August 1998 News

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Firing In Jammu-Kashmir

20th August 1998

Thousands flee Kargil

JAMMU— Panic has again gripped residents of Kargil town forcing thousands of people to flee to safer places following renewed shelling of the Kharbu and Kaksar areas by Pakistani troops.

Official sources said Pakistan troops resorted to heavy shelling of three inhabited pockets in Kargil in which three civilians were injured. Some of the shells damaged several houses. The passenger transport services on the Drass- Kargil road were affected.

What has caused concern in government quarters is that militants have extended their activities to Kargil sector. This was confirmed when a group of militants equipped with sophisticated weapons opened fire on one Army picket at Matiyar in Drass. Though there was no casualty the firing on Army picket by the militants in the area is the first of its type. Earlier, the militants damaged a security vehicle with IED blast on the Drass-Kargil road.

Reports said during the past three weeks Kargil has witnessed intermittent but heavy Pak shelling and one main reason behind this unprovoked shelling has been to provide fire cover to the militants. According to these reports, some groups of militants have sneaked into Kargil town from across the border others have travelled from Kashmir to the Shia-dominated area soon after the Srinagar-Leh road was thrown open in June last.

Official sources are of the opinion that Pak plan was to involve more area in the state so as to create confusion among the security forces and force the government to bear additional burden on its exchequer. During the past nine years insurgency which took roots in Srinagar travelled to other parts of the valley which was followed by subversive violence in Doda district. And during the past two years, Poonch, Udhampur and Rajouri districts have been made the target for militant operations. And now it is the turn of Kargil to bear the brunt of insurgency.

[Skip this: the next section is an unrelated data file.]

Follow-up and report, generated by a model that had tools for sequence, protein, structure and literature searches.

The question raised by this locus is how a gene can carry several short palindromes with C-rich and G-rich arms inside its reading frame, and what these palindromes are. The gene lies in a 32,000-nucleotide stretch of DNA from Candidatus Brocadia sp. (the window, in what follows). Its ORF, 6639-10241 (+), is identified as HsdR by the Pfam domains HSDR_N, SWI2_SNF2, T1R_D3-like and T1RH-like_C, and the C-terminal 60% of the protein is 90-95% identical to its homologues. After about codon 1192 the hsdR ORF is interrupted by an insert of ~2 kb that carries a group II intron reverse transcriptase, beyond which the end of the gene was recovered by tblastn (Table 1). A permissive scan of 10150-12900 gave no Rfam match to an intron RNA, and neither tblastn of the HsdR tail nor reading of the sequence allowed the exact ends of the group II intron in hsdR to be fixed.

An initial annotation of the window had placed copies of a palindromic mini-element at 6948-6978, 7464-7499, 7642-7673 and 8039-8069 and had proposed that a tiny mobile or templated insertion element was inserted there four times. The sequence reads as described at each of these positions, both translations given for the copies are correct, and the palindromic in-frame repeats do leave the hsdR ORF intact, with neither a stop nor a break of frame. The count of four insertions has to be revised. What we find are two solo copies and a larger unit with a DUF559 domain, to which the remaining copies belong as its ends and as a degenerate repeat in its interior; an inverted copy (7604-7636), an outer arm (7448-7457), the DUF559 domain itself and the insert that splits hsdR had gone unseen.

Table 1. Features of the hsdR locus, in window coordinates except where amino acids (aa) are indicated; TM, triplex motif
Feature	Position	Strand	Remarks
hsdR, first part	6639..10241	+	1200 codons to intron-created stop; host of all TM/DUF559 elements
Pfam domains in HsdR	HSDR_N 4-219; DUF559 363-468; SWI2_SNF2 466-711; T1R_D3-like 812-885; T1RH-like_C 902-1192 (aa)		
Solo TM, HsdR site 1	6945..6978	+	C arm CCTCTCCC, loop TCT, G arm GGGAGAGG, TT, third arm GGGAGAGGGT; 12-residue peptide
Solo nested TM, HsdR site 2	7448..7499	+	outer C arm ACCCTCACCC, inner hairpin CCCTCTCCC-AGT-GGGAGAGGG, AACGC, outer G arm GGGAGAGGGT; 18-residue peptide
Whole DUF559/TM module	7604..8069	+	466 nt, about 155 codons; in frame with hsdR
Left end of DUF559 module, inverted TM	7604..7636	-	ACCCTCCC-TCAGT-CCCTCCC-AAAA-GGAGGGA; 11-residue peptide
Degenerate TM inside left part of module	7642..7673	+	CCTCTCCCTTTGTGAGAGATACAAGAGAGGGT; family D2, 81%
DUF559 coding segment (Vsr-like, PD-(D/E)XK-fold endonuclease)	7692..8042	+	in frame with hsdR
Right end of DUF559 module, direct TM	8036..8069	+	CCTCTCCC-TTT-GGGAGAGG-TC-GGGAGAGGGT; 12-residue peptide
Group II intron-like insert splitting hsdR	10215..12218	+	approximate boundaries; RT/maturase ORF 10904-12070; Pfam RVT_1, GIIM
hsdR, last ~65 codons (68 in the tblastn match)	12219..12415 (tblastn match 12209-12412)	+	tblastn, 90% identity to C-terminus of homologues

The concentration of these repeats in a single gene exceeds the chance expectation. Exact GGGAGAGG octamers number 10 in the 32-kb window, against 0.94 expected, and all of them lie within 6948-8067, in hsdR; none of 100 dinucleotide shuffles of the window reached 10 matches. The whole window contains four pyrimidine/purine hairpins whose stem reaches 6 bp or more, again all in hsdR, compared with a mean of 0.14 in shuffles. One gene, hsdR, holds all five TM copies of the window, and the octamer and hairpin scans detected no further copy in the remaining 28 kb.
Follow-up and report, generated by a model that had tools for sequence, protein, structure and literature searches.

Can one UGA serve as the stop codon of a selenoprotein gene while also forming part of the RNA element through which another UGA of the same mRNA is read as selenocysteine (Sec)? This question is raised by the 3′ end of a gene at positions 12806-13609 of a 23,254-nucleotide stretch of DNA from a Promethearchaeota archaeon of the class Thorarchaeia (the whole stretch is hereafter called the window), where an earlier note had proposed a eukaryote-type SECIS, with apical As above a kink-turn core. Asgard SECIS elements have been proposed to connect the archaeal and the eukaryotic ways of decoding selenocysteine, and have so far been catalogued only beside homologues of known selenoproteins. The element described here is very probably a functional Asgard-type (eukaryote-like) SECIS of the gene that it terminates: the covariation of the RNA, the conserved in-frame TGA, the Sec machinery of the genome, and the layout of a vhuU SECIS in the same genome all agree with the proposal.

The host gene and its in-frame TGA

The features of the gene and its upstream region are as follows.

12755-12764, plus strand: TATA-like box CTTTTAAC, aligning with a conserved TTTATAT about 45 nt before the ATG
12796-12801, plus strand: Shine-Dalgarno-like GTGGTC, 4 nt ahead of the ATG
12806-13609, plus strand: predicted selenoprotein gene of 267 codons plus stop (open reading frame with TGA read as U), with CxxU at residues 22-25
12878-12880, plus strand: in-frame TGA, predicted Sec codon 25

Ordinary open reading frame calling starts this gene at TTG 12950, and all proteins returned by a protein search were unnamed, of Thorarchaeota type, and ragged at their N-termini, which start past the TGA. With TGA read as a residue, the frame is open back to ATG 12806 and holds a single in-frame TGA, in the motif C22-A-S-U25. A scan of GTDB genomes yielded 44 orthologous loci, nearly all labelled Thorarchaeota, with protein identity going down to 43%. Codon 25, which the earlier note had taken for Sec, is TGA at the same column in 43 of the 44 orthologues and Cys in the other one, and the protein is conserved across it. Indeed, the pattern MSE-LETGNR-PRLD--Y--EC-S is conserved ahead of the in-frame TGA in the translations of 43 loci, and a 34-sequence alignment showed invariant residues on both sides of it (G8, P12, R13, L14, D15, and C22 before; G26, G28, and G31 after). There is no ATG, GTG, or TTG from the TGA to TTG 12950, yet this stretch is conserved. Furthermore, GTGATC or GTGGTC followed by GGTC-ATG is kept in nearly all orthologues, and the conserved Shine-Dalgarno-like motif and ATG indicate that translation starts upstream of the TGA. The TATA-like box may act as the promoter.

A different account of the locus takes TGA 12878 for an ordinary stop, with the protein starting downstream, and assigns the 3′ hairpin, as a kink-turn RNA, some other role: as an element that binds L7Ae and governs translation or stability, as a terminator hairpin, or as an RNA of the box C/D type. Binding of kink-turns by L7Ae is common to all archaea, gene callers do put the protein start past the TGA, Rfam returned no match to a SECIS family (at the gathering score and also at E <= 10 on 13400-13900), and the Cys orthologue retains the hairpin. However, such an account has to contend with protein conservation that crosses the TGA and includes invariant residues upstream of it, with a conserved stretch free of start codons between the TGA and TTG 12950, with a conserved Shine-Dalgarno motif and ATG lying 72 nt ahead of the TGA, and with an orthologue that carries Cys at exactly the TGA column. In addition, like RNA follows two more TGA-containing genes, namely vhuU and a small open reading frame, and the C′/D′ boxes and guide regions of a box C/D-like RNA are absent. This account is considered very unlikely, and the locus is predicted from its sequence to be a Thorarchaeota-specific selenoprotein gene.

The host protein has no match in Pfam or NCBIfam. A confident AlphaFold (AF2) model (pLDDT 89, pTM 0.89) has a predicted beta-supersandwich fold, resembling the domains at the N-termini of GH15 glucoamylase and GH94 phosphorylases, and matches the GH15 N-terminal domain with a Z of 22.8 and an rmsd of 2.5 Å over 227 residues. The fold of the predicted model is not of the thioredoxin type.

As compared to Doda or Udhampur Kargil is a highly strategic and sensitive area. In case militants succeed in establishing their bases in Kargil town and its adjoining areas it could pose serious threat to the security of entire Ladakh region which is surrounded by Pakistan, and China. In addition to this the Srinagar-Kargil-Leh road can come under threat of the militants.

Knowledgeable circles are of the firm opinion that Pak agencies were trying to lure Shia-youths belonging to the Kargil area to militancy. So far the people of the town have remained away from anti-India armed campaign. And by creating terror among the people by shelling the Kargil town Pak agencies want to force people to allow the militants to establish hideouts from where they could operate freely against the security forces.

Defence Ministry sources said that Pakistani troops resorted to intermittent shelling on Kaksar-Drass-Kargil area to snap the supply line by damaging the Srinagar-Leh road. The sources said that on the basis of the reports that several groups of militants have sneaked into Kargil sector an action plan had been formulated to launch a manhunt for the insurgents.

The sources said Pakistan troops used several types of weapons, including air defence guns, for pounding the Indian villages. The Indian troops retaliated everytime Pak soldiers opened artillery and mortar fire.


Indo-Pak: Frustrated by the Indian troops' successful operation against infiltrators, Pakistani gunners target civilians on the Kashmir border

V.K. SHASHIKUMAR in Srinagar